Farm commodities let go a little ground on Tuesday as investors booked profits racked up during crops' strong run.
A mild recovery in the dollar didn't help. The greenback's fall in recent weeks to year-lows against other major currencies had helped commodities by making them more competitive on export markets.
A weakening oil price set the tone, with New York crude for July down $0.45 at $68.13 a barrel, and Brent slipping $0.30 to $67.67 a barrel.
Chicago crops followed, with wheat dropping back 6.75 cents from its eight-month closing high to stand at $6.67 ¾ a bushel at 06:10 GMT.
Corn edged 3.25 cents lower to $4.42 ¾ a bushel, with soybeans down 1.5 cents at $12.17 a bushel.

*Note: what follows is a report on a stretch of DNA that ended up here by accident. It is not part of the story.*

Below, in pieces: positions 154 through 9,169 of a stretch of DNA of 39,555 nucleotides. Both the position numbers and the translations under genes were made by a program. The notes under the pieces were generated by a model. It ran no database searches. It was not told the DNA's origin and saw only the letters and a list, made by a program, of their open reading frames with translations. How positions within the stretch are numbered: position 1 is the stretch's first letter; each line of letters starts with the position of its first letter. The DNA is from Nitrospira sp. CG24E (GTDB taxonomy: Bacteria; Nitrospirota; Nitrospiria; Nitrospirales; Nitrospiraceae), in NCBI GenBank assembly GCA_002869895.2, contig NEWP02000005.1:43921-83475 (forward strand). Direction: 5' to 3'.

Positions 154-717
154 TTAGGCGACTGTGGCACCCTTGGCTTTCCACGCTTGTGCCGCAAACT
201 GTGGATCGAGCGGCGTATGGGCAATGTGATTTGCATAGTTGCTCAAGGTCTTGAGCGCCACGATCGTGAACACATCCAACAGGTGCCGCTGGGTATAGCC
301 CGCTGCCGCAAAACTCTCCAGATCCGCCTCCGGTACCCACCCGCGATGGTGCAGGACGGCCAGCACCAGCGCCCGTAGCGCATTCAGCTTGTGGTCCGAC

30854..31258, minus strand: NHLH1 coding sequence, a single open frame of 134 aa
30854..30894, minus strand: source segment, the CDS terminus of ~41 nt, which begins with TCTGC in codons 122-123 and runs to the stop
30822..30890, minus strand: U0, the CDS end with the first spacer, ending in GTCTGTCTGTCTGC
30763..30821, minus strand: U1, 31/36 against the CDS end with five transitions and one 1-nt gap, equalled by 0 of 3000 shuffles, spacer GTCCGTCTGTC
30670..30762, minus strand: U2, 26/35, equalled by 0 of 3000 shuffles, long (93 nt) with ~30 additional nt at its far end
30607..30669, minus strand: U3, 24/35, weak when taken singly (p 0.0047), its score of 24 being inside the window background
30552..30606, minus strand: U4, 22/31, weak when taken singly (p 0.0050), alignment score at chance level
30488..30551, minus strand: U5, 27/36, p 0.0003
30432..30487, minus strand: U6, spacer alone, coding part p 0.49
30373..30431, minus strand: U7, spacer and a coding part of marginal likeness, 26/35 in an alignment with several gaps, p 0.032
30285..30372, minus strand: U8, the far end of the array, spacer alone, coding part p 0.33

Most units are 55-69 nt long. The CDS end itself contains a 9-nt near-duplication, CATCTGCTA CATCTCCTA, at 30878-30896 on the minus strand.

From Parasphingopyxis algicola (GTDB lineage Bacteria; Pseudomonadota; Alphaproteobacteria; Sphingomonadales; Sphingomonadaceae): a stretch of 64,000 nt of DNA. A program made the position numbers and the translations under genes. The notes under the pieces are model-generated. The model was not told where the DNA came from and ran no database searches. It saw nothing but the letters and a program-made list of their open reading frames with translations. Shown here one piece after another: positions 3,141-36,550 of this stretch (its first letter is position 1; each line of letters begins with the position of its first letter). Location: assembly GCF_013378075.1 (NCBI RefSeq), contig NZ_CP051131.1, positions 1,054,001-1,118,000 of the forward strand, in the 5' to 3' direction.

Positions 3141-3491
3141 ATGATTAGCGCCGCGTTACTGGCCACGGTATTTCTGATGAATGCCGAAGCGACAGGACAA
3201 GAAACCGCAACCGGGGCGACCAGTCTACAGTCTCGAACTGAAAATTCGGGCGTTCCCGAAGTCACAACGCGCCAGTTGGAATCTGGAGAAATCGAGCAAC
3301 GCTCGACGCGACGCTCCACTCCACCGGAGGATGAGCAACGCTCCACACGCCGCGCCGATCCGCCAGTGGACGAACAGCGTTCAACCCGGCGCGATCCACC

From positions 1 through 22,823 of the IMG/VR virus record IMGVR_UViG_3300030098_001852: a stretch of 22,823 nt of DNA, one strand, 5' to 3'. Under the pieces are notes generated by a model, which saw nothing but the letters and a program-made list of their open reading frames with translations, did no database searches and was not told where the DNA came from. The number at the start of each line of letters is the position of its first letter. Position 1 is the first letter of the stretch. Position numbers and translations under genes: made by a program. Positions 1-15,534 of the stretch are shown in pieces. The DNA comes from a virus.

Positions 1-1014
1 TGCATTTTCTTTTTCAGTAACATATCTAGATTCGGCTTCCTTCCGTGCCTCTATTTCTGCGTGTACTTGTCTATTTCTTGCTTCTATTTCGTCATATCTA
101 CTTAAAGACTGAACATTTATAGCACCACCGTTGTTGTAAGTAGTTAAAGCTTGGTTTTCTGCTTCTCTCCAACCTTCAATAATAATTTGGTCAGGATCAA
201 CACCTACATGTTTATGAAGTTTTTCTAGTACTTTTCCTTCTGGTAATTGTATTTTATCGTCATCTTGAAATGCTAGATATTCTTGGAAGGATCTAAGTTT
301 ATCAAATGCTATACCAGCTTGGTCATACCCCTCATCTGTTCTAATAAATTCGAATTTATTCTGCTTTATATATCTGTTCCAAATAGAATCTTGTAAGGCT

"It is a little bit of profit-taking after a very strong close," Garry Booth, a trader with MF Global Australia, said.
Investors were reluctant to short the market given the inflows into commodities, which is a big part of their recent rise.
"If we continue to see global equity and other markets move higher, then it will suggest that we are in the middle of a recovery and we will probably see more funds move into commodities," Mr Booth added.
Tokyo's Nikkei share index closed at a fresh eight-month high, continuing a global round of firm performances on equity markets.
Malaysian palm oil, which is traded in ringgit, managed to avoid the fate of the dollar-denominated commodities, although gains were capped by the fall in crude oil.
Bursa Malaysia's benchmark August contract gained 15 ringgit to 2,640 ringgit a tonne in the morning session.